ID2020 Summit - Legal identity for all, but how do we get there?
Last month I had the privilege of attending the ID2020 summit at the United Nations in New York. Having been focused on identity within financial services for the last year or so it has been a while since I was at a more general identity event. ID2020 reinforced for me the increasing importance of identity and the Perfect Storm we have seen building over the last six months.
Cofounded by John Edge the summit was based on the need to bring emerging technology to the challenge of stateless and vulnerable children. A challenge reflected in the commitment by world leaders and 193 member states of the United Nations in a 2015 pledge to provide legal identity to all by 2030 (the UN’s Sustainable Development Goal 16.9).
ID2020 opened with a great opening message from Don Thibeau, President and Chairman of the Open Identity Exchange (OIX), who described two groups of people in the “identity world”- those that create policies, treaties, agreements and such, and those that create the tech and platforms. Both he said would provide the code for which identity in the future would be built on.
The morning was focused towards appreciating the global impact of identity with some big statistics and moving messages that highlighted just how important and far reaching the lack of Identity is becoming. The World Bank estimates over one fifth of the population, or about 1.5 billion people are without a legal identity. This includes the 230 million children under the age of five that haven't had their births registered and are at risk of exclusion and exploitation, as well as 60 million stateless people or refugees separated from their sovereign identity that are unable to access health and educational services.
The afternoon was more practical and focused towards coming together as an industry to build solutions. There was a huge amount of support, willingness and motivation to start addressing some of these issues. Various panels explored ‘What makes up Legal Identity,’ what can be done to support it, how to approach it and what role technologies like Blockchain can play. There were some common threads including one which is close to my own heart - trust. How do you know, how can you trust, a person is who they say they are?
The overriding message as the day ended was that together we can make a difference and the more we do to solve these global identity issues, the more pressure there is on governments to support it and get it right.
Small steps toward Trust Online
This is where I believe our team is making a difference. While we have been working to create trust online for almost five years now, and have learnt a lot along the way, there is still a long way to go. And though we certainly cannot solve the world’s identity issues tomorrow, we are taking small, focused steps and making steady progress.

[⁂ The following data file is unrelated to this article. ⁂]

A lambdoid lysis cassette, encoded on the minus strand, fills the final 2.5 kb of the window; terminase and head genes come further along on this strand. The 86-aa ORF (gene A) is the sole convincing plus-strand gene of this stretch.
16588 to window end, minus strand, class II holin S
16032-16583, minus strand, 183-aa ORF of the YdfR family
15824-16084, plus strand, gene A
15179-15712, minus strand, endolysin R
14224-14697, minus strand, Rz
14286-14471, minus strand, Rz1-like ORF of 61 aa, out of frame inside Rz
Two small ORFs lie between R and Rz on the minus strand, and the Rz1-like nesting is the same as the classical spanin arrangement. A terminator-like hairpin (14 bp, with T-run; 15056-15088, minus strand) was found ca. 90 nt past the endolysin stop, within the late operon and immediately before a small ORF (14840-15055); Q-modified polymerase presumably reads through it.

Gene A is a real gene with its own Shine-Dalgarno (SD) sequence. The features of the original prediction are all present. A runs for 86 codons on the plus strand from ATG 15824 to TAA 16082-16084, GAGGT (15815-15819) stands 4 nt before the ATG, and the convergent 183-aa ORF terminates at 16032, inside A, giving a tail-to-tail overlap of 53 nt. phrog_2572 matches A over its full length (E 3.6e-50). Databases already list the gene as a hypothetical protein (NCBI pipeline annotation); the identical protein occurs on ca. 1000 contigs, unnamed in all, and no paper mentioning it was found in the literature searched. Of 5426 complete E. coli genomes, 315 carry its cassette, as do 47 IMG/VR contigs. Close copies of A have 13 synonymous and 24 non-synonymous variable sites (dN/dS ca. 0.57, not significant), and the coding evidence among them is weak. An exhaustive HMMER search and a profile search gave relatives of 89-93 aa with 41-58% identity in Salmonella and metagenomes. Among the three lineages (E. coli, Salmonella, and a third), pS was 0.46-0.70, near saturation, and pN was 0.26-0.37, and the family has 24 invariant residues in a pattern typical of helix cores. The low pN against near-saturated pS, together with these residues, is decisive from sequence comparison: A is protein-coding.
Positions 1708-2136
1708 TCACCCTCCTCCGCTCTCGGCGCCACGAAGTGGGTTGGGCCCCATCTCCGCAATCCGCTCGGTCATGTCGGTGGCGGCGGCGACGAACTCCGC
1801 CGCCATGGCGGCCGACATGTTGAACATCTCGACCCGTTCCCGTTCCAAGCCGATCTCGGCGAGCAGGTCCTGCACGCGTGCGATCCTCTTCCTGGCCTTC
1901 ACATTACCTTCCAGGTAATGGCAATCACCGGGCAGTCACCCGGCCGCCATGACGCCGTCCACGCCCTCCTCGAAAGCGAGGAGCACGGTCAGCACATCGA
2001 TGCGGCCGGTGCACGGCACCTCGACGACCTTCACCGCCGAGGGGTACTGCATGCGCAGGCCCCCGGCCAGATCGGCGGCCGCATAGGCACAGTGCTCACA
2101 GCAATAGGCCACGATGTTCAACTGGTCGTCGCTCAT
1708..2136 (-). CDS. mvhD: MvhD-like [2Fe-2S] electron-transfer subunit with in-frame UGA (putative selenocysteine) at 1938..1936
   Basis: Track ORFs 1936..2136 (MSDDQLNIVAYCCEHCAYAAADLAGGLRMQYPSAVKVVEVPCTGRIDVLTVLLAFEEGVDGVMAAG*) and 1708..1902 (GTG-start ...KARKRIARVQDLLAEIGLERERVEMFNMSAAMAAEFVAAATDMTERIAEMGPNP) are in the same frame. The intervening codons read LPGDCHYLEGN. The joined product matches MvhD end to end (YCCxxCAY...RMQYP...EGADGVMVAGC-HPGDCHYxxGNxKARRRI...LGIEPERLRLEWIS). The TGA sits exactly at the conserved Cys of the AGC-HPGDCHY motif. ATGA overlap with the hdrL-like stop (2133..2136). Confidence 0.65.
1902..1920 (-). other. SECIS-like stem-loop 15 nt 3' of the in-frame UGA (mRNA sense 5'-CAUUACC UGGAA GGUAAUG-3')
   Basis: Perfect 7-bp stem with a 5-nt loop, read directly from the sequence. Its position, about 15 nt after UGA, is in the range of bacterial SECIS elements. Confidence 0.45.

For the past 18 months we’ve focused on building DirectID for stronger online verification in financial services, and through a project for the US National Strategy for Trusted Identities in Cyberspace (NSTIC) led by Morpho Trust, we are taking driving license credentials and including them in our consumer identity product miiCard for a more extensible service.
In both our products we take a consumer-centric approach, allowing those of us fortunate enough to have online bank accounts to use the trust and traceability they contain, to connect our physical and online identities for when we need to prove we are who we say we are. We can do this for some 500 million people, in over 30 countries today.
Now with the Payment Services Directive 2 (PSD2) opening up the market in Europe, and a history of bank verification in the Nordics and North America, the relevance for banks as a source of this trust is finally being realised. And while I appreciate this is only for a portion of the population, and does not address some of the more pressing issues discussed in the opening paragraphs, it is a start and one we can make today.
Guiding Principles for Self-Soverign Identity
At ID2020 consumer-centric identity was being described as self-sovereign identity, but the meaning is the same, it’s about putting the consumer in control of their identity while providing value so they will use it. On the flight home I reflected on what I thought a consumer-centric or self-sovereign identity needs to have. My own list of first principles or requirements include:
- The individual can register independently and keep their identity forever.
- It belongs to the individual, only they can own it and it cannot be deleted.
- It is available to everyone and is recognised as a legal identity, globally.
- It is created, managed and controlled by the individual.
- And it’s all about context. We have many different aspects to our identity and many different use cases, and this identity should respect and support that.
As for the technology this sovereign-identity will be built on? I’m not sure it matters. My guess is that it will be a hybrid of technologies, blockchain, OpenID Connect and other authentication protocols for example. The identity itself is also of lesser importance. It’s what it enables that really matters. How it allows us to do more, be it online or off, as individuals with a greater level of trust and with our own personal control.
"Having a Digital Passport will let us travel the Internet with the trust, confidence and convenience that we need today. In many ways, it's the last frontier in Cyberspace."